38. Categories of Oxygen Requirement Aerobe – utilizes oxygen and can detoxify it obligate aerobe - cannot grow without oxygen (Mycobacterium tuberculosis, Micrococcus spp., Bacillus spp., Pseudomonas spp. facultative anaerobe – utilizes oxygen but can also grow in its absence (Echericihia spp., Salmonella spp., Sta[phylococcus spp.) microaerophylic – requires only a small amount of oxygen (Helycobacter spp., Lactobacillus spp.) 38

  39. Categories of Oxygen Requirement Anaerobe – does not utilize oxygen obligate anaerobe - lacks the enzymes to detoxify oxygen so cannot survive in an oxygen environment (Clostridium spp., Bacteroides spp.) aerotolerance anaerobes – do no utilize oxygen but can survive and grow in its presence (Streptococcus pyogenes) 39

  40. Carbon Dioxide Requirement All microbes require some carbon dioxide in their metabolism. capneic – grows best at higher CO2 tensions than normally present in the atmosphere (Brucella abortus) 40

  41. OXYGEN Obligate Aerobe Facultative Anaerobe Obligate Anaerobe

  42. Four Toxic Forms of Oxygen

  43. Four Toxic Forms of Oxygen

  44. Enzymes and Their Role in Metabolism Enzymes, organic catalysts of a highly molecular structure, are produced by the living cell. They are of a protein nature, are strictly specific in action, and play an important part in the metabolism of micro-organisms. Their specificity is associated with active centres formed by a group of amino acids.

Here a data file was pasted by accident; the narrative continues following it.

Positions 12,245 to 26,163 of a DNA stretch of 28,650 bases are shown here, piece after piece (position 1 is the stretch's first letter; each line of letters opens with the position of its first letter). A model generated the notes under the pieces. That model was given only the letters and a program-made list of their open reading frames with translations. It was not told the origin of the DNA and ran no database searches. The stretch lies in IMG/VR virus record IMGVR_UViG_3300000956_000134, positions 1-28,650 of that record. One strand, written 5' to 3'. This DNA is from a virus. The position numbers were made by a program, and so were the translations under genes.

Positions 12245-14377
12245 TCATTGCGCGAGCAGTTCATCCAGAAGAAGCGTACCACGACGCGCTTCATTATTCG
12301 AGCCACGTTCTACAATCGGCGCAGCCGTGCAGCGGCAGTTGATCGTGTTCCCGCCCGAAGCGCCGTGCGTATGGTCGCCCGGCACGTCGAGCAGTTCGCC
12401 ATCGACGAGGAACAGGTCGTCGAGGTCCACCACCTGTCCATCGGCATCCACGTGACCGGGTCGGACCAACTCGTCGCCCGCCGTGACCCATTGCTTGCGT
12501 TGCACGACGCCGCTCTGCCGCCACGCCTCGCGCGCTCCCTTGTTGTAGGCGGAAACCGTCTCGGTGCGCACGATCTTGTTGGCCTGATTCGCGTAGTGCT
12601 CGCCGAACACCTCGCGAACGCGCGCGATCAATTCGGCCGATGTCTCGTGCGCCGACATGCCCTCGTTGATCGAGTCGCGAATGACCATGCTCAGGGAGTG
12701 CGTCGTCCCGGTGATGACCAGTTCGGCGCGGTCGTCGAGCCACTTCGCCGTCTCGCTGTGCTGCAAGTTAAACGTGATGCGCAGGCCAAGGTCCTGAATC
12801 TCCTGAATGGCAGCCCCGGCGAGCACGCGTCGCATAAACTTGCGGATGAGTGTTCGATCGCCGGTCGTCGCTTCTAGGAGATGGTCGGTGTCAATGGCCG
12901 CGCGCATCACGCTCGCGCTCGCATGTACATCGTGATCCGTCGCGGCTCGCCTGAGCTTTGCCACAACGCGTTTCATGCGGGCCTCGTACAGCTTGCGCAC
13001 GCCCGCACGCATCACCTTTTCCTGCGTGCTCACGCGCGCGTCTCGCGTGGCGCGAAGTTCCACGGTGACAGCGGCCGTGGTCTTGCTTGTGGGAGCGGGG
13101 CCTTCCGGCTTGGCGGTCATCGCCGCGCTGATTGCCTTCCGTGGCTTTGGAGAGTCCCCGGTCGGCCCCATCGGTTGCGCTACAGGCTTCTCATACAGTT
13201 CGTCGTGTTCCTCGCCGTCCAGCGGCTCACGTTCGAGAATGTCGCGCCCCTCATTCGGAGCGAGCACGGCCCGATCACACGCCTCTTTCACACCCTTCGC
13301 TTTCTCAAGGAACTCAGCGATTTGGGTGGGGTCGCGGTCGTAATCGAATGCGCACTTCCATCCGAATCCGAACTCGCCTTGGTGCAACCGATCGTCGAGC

45. Some enzymes are excreted by the cell into the environment (exoenzymes) for breaking down complex colloid nutrient materials while other enzymes are contained inside the cell (endoenzymes).

  46. Bacterial enzymes are subdivided into some groups: 1. Hydrolases which catalyse the breakdown of the link between the carbon and nitrogen atoms, between the oxygen and sulphur atoms, binding one molecule of water (esterases. glucosidases, proteases. amilases, nucleases, etc.). 2. Transferases perform catalysis by transferring certain radicals from one molecule to another (transglucosidases, transacylases. transaminases). 3. Oxidative enzymes (oxyreductases) which catalyse the oxidation-reduction processes (oxidases, dehydrogenases, peroxidases, catalases). 4. Isomerases and racemases play an important part in carbohydrate metabolism. Rearrangement atoms of a molecule. 5. Lyases (remove chemical groups from molecules without adding water). 6. Lygases (join two molecules together and usually require energy from ATP).

  47. Enzymes

  48. Significance of the enzymes With the help of amylase produced by mould fungi starch is saccharified and this is employed in beer making, industrial alcohol production and bread making. Proteinases produced by microbes are used for removing the hair from hides, tanning hides, liquefying the gelatinous layer from films during regeneration, and for dry cleaning. Fibrinolysin produced by streptococci dissolves the thrombi in human blood vessels. Enzymes which hydrolyse cellulose aid in an easier assimilation of rough fodder.

  49. Due to the application of microbial enzymes, the medical industry has been able to obtain alkaloids, polysaccharides, and steroids (hydrocortisone, prednisone, prednisolone. etc.). Bacteria play an important role in the treatment of caouichouc, coffee, cocoa, and tobacco. Enzymes permit some species of microorganisms to assimilate methane. butane, and other hydrocarbons, and to synthesize complex organic compounds from them. With the help of the enzymatic ability of yeasts in special-type industrial installations protein-vitamin concentrates (PVC) can be obtained from waste products of petroleum (paraffin’s).

  50. Metabolism Results in Reproduction Microbial growth – an increase in a population of microbes rather than an increase in size of an individual Result of microbial growth is discrete colony – an aggregation of cells arising from single parent cell Reproduction results in growth